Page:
Petros Kausiyo Deputy Sports Editor
AFTER several years in the administration trenches of football in the Midlands, veteran administrator Stanley Chapeta believes he has gathered enough experience to unlock the value in the Central Region through sponsorship deals.
Chapeta is one of three candidates vying for the Central Region chairmanship that was left vacant by Felton Kamambo’s election to the ZIFA board.
The Kwekwe businessman this week told The Herald that he had secured sponsorship from a South Africa-based company that is willing to back his tenure should be elected as Kamambo’s successor.
Chapeta would, however, have to shake off the challenges of Musa Ntonga who is the chairperson of relegated prisons outfit Whahwa and former ZIFA board member Patrick Hokonya, who is seeking another stint as the Central Region chairman.
A former metallurgist who now runs his businesses, Chapeta said he had noted during his time in the administrative structures of the region that there was need to uplift the welfare of the clubs and help them overcome such challenges like the payment of referees, travel costs for clubs and to ensure the ZIFA Central region secretariat is well resourced.
“We need a well-resourced secretariat. We need to identify training needs and organise refresher courses.
“Our referees and coaches within the region need to be trained, so are our administrators. This will enable us to improve the quality in all spheres.
“Clubs are overburdened with expenses. The cost of running a club is expensive, especially in this harsh economic environment. To this end I will work hard to get sponsorship for referees as a way of reducing costs on the clubs.
“I am an advocate of good corporate governance. As a result:
The Region will remain transparent and open.
Our books of accounts will be open for inspection by the assembly members.
All effort shall be made to ensure adequate internal controls and procedures are in place and adhered to at CSL.
Audited Financial statements will be produced timeously for transparency, accountability and effective decision making,’’ Chapeta said.
The move to look for sponsorship for the match officials by the former Chrome Stars chairman could help avert compromising the professionalism of referees in the region, while assisting clubs with funds to fulfil fixtures will ensure teams do not get points on a silver platter.
The Central Region, just like their counterparts in the Eastern and Southern regions were characterised by some abortive matches with a number of teams benefiting from walkovers.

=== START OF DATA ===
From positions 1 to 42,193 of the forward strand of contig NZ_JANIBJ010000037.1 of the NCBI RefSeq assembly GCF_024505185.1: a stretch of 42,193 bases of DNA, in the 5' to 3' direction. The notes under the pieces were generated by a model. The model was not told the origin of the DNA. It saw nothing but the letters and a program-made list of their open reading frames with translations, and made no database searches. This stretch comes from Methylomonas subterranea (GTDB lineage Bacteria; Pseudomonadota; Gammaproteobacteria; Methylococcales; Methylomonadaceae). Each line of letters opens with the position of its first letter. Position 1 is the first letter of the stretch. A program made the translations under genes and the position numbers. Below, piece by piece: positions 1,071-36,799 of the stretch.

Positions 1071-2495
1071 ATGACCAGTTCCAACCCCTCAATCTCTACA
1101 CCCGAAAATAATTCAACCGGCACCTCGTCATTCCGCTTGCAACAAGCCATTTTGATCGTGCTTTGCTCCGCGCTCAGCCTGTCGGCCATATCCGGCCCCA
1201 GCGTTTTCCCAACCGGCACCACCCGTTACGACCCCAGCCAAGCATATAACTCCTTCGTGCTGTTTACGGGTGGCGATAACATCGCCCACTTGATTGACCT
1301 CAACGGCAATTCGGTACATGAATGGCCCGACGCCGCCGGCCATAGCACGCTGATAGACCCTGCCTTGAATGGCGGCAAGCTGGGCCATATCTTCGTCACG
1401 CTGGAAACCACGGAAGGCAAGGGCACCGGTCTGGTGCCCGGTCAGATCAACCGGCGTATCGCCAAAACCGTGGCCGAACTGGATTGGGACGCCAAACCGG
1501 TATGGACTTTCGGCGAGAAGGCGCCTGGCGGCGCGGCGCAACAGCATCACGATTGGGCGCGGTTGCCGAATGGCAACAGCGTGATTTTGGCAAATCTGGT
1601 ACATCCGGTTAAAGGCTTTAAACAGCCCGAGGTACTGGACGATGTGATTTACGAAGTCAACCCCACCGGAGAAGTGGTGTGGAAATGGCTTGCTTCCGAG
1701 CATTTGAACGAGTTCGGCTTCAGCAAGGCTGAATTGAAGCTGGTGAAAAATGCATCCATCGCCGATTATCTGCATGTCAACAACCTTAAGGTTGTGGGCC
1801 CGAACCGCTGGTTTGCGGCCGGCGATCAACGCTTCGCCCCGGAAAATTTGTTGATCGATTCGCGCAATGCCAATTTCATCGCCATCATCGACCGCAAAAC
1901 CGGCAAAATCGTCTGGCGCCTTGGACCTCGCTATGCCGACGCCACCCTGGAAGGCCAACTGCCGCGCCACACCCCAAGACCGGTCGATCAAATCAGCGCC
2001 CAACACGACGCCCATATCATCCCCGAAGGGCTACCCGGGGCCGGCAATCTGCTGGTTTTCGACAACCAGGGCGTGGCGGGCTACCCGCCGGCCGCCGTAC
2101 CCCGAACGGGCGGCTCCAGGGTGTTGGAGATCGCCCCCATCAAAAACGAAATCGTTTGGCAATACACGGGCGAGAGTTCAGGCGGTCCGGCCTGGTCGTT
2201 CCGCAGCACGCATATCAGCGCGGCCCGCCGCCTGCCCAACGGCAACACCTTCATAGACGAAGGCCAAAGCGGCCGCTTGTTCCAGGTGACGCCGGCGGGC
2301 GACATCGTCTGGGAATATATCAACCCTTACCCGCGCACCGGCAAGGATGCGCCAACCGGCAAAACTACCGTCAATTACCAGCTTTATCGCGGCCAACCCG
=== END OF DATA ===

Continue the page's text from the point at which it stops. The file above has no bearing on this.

In outlining his ambitious blueprint, Chapeta also emphasised the need for revival of talent identification programmes in the region, and reminisced on the fact that the Central Region was famed for producing some of the finest footballers in the country over generations.
“I will source sponsorship for the region of which am already at an advanced stage with two potential sponsors for the 2016 season and beyond. We intend to have a branded league as the sponsors will also benefit in terms of marketing their products. I have gained positive ground on the proposals as of now.
“Our juniors are the backbone of our future national teams. It is of paramount importance that we revive our junior leagues. In doing this we need to partner with schools around our region, which is made up of Matabeleland South and Midlands provinces,’’ Chapeta said.
Chapeta is credited with helping such players like midfield hardman Stephen Alimenda and Stanley Nagoli with developing their careers, while the Central Region acted as one of the conveyor belts of talent.
The 52-year-old administrator also spoke a little about his vision for the Central Region.
“I am result driven, hard working and capable football Administrator with a track record of bringing results and achieving targets. Always delivering results against strategic objectives while working within the core values and beliefs of the institution.
“I am now hoping to find a new and challenging position of Central Soccer League president that will make use of existing abilities and knowledge while developing our soccer.
“Before, my soccer environment was not complete due to work commitments, but now I will be fully available and committed because I am now retired.
“I have an undying passion for the game and I see the need to play an active role in helping development of the game. I am not coming to football to gain financially, but rather for the football fraternity to benefit from my experience.
“Having worked for two different boards that are the Southern Region and Central Region, I gained a lot of experience and I am also driven by the concern of seeing a continuous and unabated downward spiralling of the sport and the inherent drive to help our football change.
“I have also realised that the image of our region can only improve with mature, reputable, credible loyal and experienced men and women managing it, myself included,’’ Chapeta said.